Waiting to exhale

Glen Guyton is incoming executive director of Mennonite Church USA.

One of the first emails that I received after being named executive director said, “Perhaps you will be one of the persons God will use to help rescue MC USA.” My response was, “One thing I promise you is that I won’t be the one to rescue MC USA, but I do hope that God will use me to share the gospel and inspire people to live out their call. I will let Christ be our savior, and I will do what I can to uphold my end of the relationship as one of his ambassadors.” If there is rescuing to be done it will come in the form of our obedience to God. “Now that you have purified your souls by your obedience to the truth so that you have genuine mutual love, love one another deeply from the heart.  You have been born anew, not of perishable but of imperishable seed, through the living and enduring word of God” (1 Peter 1:22-23, NRSV). Let’s all take a deep breath, breathing for a moment as we think about what that means.

People keep expecting this denomination to fail, but as I wrote three and half years ago, “The stories of our demise have been greatly exaggerated.”

I believe in the power of the Holy Spirit, and I have seen the living Word working through the many great people who are the church.

We (not some far away bureaucracy) are Mennonite Church USA. This is our church, and I hope that the rest of the world will see what a wonderful and relevant group of people we are. This church and its mission belong to all of us, whether we are members of:

  • rural congregations in Iowa or South Dakota.
  • big city congregations in Texas and California.
  • churches on the borders of Mexico or Canada like our friends in Arizona and Montana.

We are Mennonite Church USA, and I hope that in whatever context we worship and serve, we are living into our vision of healing and hope. “God calls us to be followers of Jesus Christ and, by the power of the Holy Spirit, to grow as communities of grace, joy, and peace, so that God’s healing and hope flow through us to the world.” Our rescue, our success is rooted in our “genuine mutual love” for love one another and the people we are called to serve.

After several years of working out the kinks of a new denomination we have now started the Journey Forward Process. We are leaner (hopefully not meaner) and growing into a body that is doing relevant ministry in the 21st century. We will not forget the rich and diverse legacy that we share as Anabaptist Mennonites but want to embrace the variety of ways that we do ministry and service throughout the denomination. This starts with you, the individual follower of Jesus Christ, living into the vision of this denomination, spreading God’s love with your neighbors. MC USA wouldn’t exist without individuals like you, people who are responding to God’s call. “Then the Lord God formed man from the dust of the ground, and breathed into his nostrils the breath of life; and the man became a living being” (Genesis 2:7, NRSV). Think of possibilities for this body if we learned to breathe together, to work together, as instruments of God’s peace.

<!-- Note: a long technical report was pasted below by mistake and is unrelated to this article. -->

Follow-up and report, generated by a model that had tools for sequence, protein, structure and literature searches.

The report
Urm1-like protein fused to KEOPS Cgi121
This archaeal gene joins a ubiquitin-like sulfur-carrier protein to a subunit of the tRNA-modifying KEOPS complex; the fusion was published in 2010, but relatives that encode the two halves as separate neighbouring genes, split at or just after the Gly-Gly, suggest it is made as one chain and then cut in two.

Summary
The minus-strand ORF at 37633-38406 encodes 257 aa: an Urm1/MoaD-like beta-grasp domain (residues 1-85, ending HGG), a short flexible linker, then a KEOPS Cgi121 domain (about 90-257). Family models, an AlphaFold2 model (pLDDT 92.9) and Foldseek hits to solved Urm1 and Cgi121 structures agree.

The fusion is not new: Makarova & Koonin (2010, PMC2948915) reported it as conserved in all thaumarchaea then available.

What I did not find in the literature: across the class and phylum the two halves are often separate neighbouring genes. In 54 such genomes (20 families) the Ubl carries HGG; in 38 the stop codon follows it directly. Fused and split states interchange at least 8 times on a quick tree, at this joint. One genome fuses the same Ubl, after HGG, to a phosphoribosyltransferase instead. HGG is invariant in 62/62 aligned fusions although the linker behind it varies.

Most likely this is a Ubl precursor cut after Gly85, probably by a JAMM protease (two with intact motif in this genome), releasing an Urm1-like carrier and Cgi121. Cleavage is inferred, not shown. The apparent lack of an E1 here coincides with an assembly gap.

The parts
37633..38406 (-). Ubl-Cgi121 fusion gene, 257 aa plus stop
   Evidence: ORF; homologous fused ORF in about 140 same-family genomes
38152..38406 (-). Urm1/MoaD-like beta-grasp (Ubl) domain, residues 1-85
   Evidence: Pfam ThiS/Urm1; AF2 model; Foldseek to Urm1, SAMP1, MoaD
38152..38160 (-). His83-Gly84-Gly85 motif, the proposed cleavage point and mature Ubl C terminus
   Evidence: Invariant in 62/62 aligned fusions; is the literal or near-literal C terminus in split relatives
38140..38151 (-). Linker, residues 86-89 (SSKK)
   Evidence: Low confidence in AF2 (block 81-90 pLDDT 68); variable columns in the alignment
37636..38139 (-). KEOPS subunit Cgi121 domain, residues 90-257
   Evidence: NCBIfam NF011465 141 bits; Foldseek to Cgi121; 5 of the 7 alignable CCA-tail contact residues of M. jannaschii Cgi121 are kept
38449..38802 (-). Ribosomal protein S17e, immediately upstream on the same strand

The staff and I understand that in order to Journey Forward, we need to rethink how we engage our constituents as denominational leaders. Many current denominations have become so obsessed with a single doctrinal issue that they have forgotten how to be light-hearted and carefree in their approach to sharing the gospel. Grayde Parsons of Presbyterian Church (USA) stated that, “There will be a ‘leveling out’ in the future as the emphasis shifts from clergy, buildings and the [traditional leadership] to a more empowered lay leadership, a variety of venues and a more expansive view of who God has called to be God’s people.” We as Anabaptists have said these things since 1525. At the core of our history, Anabaptist leaders thought decisions should be made not by a hierarchical leader but by the entire local assembly. Some say the Anabaptists were the first to try to practice democracy in the congregation. We need to reexamine our origins. Early Anabaptist emphasis was on discipleship — following Christ and teaching and learning together — rather than professional clericalism, demonstrating God’s love and a witness to the world. In the future, denominations will have to become more like shepherds and less like rule-makers.

More simply, we want to help you do more good in your local context. We want to equip conferences and congregations to be more effective.

Nicole Ford, a student at Dock Academy, recently challenged church leaders by saying, “My hope is when we think of the word ’church,’ we can think of fellowship with a diverse group of people, rather than a building full of people just like us, … We can either continue church the way it has always been, or we can bring the church with us and worship whenever and however the Lord leads us.” As I serve as executive director, young people like Nicole will be in my heart and mind. The church we are building is for them.

The Journey Forward process is our opportunity for renewal and revival in this denomination. It is our opportunity to breathe together and let the Spirit flow through us into our communities. We will thrive by following Jesus and listening for God’s call as we read Scripture together. We will witness God’s peace in our local communities, and we will create peace centers, designed to extend God’s holistic peace and proclaim Christ’s redemption for the world. We share in and experience transformation as the Holy Spirit dwells in and among us, transforming us to reflect God’s love. At #MennoCon19 we hope to provide a forum for members of MC USA to begin sharing how you are living out the Journey Forward experience in your ministry context.

Let’s all take a deep breath, breathing for a moment and reflecting on the rich history of our past, and preparing for the bright future of MC USA.